WESTBOROUGH, Mass. – Town Meeting could be described as one of the purest forms of democracy still practiced in the United States. It could also be described as an often long, arduous and at times frustrating way to legislate. March's double barrel – a special town meeting on building projects held between sessions of the annual, regular meeting, lurched into three days and totaled over 12 hours.
Now, Town Meeting Moderator Joseph Harrington is soliciting opinions from town government boards on ways to improve upon the experience.
The School Committee on Wednesday, April 11, said they would like to meet with Harrington. Harrington has already met with the Finance Committee, and said that their reception to his ideas to streamline the process was "quite cool."
In speaking with selectmen April 10, Harrington gave examples of methods employed by other towns, including having a time limit on any one article, and using a countdown clock to limit the length of time one could speak.
"We do have a bylaw on the books – I have not aggressively enforced this – where there are no more than two speeches allowed by any one person," he said.
According to Town Manager James Malloy, there were an even 100 speakers, one-third of which were town officials and 67 of which were residents.
Four and a half hours of Town Meeting were taken up by residents speaking. Three residents spoke for 20 percent of that time, with Vincent Borkowski holding the title for most time speaking.
However, the person who spent the most time at the microphone was Malloy himself, who said he spent 45 minutes discussing building projects alone.
Malloy said that enforcing the bylaws allowing a person to speak only twice per motion was "worth pursuing."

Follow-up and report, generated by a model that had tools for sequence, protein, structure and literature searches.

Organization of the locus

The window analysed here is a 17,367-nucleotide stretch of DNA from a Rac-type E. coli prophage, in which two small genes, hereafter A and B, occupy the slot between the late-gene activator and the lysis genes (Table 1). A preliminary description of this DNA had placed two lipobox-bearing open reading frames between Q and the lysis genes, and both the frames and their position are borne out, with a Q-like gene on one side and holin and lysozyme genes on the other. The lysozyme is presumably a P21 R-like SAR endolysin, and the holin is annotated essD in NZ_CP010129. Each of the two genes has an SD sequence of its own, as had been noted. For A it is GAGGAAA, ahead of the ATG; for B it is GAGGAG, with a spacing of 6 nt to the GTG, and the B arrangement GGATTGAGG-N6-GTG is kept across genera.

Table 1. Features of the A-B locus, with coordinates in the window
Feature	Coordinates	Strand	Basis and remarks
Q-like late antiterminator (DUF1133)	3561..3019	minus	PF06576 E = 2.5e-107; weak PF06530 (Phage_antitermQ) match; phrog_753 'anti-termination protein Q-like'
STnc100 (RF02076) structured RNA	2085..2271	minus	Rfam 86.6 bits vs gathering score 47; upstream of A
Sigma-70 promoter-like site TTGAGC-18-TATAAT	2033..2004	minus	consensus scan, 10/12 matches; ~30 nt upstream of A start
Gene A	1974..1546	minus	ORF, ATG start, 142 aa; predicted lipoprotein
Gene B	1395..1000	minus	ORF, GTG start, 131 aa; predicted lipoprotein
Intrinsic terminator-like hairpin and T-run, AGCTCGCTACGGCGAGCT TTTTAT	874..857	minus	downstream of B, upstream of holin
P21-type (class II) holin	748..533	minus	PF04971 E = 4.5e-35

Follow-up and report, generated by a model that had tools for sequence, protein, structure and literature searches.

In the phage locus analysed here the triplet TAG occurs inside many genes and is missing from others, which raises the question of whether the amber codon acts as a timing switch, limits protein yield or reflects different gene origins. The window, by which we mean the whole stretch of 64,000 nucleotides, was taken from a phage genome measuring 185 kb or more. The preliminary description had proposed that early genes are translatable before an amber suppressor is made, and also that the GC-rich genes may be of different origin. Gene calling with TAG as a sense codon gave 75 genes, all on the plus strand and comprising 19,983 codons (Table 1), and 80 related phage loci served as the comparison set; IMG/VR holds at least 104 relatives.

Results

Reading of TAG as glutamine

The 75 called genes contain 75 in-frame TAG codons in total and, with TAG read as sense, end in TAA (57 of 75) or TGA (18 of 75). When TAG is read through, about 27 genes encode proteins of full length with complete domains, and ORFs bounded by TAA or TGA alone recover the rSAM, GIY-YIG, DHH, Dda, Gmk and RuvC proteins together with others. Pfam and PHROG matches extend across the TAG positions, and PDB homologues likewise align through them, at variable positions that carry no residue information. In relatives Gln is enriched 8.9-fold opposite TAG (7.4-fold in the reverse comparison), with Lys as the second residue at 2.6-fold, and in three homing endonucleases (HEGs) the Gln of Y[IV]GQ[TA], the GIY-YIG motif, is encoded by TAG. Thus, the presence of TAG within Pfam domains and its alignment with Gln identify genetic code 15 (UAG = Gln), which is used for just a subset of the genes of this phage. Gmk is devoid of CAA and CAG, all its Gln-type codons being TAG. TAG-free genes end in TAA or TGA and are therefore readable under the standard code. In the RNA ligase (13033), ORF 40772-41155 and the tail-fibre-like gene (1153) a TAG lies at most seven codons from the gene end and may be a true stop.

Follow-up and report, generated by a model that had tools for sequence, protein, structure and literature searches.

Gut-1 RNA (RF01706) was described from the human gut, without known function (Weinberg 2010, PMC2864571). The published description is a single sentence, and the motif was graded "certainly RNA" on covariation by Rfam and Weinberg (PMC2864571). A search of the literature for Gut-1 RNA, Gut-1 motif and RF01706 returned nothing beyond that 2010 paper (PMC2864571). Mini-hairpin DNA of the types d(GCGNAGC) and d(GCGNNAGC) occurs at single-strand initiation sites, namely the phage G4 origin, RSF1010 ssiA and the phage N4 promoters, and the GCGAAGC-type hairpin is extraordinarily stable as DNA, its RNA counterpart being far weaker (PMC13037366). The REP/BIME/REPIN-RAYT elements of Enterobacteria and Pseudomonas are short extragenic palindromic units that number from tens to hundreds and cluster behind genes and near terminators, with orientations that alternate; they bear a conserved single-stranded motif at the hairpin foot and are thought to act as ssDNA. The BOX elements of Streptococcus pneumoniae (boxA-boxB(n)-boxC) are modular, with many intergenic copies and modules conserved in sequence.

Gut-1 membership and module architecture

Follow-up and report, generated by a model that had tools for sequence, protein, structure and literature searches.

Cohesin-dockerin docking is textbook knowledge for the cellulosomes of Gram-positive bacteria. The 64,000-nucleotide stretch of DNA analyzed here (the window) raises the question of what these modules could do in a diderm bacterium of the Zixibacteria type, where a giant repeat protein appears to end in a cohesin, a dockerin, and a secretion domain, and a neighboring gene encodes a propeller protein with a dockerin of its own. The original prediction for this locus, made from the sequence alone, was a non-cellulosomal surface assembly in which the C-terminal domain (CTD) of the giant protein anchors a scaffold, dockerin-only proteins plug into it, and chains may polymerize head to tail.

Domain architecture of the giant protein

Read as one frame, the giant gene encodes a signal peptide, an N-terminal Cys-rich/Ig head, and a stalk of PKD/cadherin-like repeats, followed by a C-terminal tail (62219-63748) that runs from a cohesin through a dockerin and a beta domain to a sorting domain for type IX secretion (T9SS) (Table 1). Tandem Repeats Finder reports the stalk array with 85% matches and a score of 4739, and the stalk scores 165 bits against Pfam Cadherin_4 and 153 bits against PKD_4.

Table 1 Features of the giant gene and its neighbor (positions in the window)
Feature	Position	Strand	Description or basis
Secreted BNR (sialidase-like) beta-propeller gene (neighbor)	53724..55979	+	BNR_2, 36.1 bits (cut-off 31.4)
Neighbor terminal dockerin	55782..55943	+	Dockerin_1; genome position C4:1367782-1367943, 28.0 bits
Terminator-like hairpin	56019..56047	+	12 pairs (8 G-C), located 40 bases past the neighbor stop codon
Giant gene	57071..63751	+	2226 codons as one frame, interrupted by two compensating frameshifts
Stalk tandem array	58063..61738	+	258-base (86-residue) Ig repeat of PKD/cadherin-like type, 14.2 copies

"I've had several residents come in since Town Meeting who said their concern is they go there to vote like in a polling place, and not listen to a handful of people preach for hours on end," Malloy said. "We had one person upset enough who left during the course of the meeting, and I doubt if they'd go back to Town Meeting. There are a handful of people who dominate Town Meeting and stretch it out as long as it does."
However, selectmen didn't seem keen on making dramatic changes to how the meeting is run.
"We're making million dollar decisions," said Selectman Denny Drewry, and so he "didn't have a problem" with prolonged discussion on important issues.
"The idea of a clock appeals to me, but I don't mind doing this stuff," said Selectman George Barrette. "It's difficult for some people to speak up at Town Meeting. I personally like it, but I don't think it's fair to Joe Voter."
Selectman Ian Johnson said he wasn't a fan of setting an absolute time limit, but said a better job could be done to expedite the meeting.
"Some articles are going to be more intense than others," Johnson said. "There were frustrating pieces to Town Meeting. If you're a proponent of open Town Meeting, a lot of this stuff comes with the territory. ... Maybe we're thinking too much about this."
Chair Leigh Emery said some of the onus may be on the moderator. "One of the things the moderator has to do is separate from when someone is just repeating a philosophical argument. ... This last meeting, we had several speakers who got up and introduced the same philosophical statement. We didn't need to hear it four times."